• They eat a variety of plants and insects, and love to catch and eat snakes, including poisonous ones
  • The Indian peacock is the national bird of India
  • The peacock's tail feathers make up 60% of his total length
  • The peacock is one of the largest flying birds
  • Peafowls can become a nuisance when they eat planted flowers and plants
  • A group of peacocks is known as a "party"
  • Peafowls are highly sociable and require companionship
  • Peafowls are forest birds that roost on the ground in the day but nest in trees at night
  • The name for a group of peahens is a "harem"
  • A peacock's total length can reach 8 feet; 3 feet for the body and 5 feet for the tail feathers (train)
  • Predators include leopards and tigers
Indian peacock in flight.

Indian peacock in flight.

Peacocks can fly and nest in trees.

Peacocks can fly and nest in trees.

The peacock is one of the largest flying birds.

The peacock is one of the largest flying birds.

More Information

© 2012 Kate P

Comments

Greensleeves Hubs from Essex, UK on April 03, 2016:

Impressively laid out hub Kate, with impressive photos - as befits an impressive group of birds. My father always used to say - and I agree - that the archetypal peacock cry is the most 'jungle-like' call in all of nature.

peachy from Home Sweet Home on September 26, 2015:

we can see peacocks in zoo, nowhere else

Kate P (author) from The North Woods, USA on September 25, 2015:

Thanks for reading, Laura In Denver! I grew up in Boulder and lived in Aurora for about a year when I was a little kid :)

Laura Deibel from Aurora, CO on September 25, 2015:

Nice hub, thanks!

Kate P (author) from The North Woods, USA on August 24, 2015:

Thanks for your wonderful messages.. I appreciate them! I think the peacock/peahen is often loved, but most people don't know much about them. It was great to learn more by writing this article :)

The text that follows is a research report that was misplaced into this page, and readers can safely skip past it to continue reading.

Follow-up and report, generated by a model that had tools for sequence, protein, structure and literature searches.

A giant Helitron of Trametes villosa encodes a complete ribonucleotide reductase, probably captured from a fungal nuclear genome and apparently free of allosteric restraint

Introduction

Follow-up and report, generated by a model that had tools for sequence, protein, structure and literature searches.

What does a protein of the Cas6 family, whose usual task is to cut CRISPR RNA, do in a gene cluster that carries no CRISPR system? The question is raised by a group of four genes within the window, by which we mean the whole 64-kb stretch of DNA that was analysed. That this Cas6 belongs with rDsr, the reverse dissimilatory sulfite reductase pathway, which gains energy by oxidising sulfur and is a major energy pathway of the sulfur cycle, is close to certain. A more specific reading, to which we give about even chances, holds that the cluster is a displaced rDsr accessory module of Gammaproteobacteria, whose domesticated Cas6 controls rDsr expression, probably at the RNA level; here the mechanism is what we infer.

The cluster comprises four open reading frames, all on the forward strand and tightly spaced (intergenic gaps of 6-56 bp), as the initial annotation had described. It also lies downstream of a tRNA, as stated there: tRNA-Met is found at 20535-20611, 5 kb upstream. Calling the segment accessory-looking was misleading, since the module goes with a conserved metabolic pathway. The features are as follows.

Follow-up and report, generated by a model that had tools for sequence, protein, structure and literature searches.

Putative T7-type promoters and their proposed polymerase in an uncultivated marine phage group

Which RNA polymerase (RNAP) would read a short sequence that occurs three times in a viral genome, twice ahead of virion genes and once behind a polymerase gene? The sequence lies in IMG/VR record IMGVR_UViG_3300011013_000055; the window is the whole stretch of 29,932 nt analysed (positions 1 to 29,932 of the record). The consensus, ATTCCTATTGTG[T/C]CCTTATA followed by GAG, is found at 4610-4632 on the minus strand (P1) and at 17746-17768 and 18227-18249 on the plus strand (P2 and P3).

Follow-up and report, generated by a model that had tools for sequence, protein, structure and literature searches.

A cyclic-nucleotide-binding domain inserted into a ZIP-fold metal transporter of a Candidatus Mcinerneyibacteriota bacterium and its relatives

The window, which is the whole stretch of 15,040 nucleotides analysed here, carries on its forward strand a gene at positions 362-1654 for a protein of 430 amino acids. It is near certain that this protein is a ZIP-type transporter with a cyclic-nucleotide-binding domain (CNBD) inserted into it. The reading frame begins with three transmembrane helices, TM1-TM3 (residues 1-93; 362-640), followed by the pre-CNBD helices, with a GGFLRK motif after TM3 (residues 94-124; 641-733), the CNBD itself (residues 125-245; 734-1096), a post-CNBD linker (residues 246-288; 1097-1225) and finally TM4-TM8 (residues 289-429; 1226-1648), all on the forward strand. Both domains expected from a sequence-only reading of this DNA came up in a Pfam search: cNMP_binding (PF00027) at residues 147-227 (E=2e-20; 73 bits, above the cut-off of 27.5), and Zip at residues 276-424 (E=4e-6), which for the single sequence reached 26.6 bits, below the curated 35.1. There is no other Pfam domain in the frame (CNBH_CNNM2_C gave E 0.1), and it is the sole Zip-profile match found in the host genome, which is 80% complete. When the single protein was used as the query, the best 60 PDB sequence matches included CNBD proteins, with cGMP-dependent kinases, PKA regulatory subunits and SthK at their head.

Cynthia B Turner from Georgia on June 19, 2014:

Great info about the peacock with wonderful pics. I have been considering using the peacock feather as part of my logo and started doing the research. Thanks for addition information.

jamey on January 08, 2014:

love those videos

JR Krishna from India on December 01, 2013:

Beautiful pictures.

I have pinned some of them

Thanks for sharing

Imelda on November 14, 2013:

Wonderful page and history on Peacocks as well as beautiful photos and video too!!! When the score card came up in the first 1/3 of this Hub page, it was deceiving leading one to believe that was all, sure would like to repeat the score card with a 10!!!

Thank you for putting together this wonderful post!

Imelda

Holly Kline from South Jersey on May 29, 2013:

Terrific hub! I'm a peacock fan. It's great to see this here. Thanks!

iguidenetwork from Austin, TX on May 28, 2013:

Nice birds... Magnificent show of feathers. The leucistic peacock is the most beautiful. I didn't know that they can also fly, considering its heavy tail. Thanks for sharing! :)

sheila on May 27, 2013:

This is wonderful!Loving it,saw one peahen this morning,how beautiful!

Amanda Littlejohn on April 07, 2013:

Awesome hub! I love peacocks and found this to be the most wonderful resource, packed to the brim with amazing facts and such stunning photographs, it quite took my breath away! If only all the hubs on Hubpages were like this. Wonderful.

Voted up and all. :)

yasinqureshi on February 21, 2013:

awesome

FullOfLoveSites from United States on February 05, 2013:

Wow, the leucistic peacock looks regal, no wonder it's your favorite. It's like a mythical creature, very beautiful. Some look like turkeys (hence "pavo" is the other word for them) but more pretty turkeys, hehehe. Up, beautiful and awesome. :)

Rosana Modugno from USA on December 20, 2012:

Great hub. Just got around to reading it but it's very well written and wanted to let you know. I love Peacocks as well and here in Florida, there are people who actually keep them as pets. I've often heard them. Thumbs up.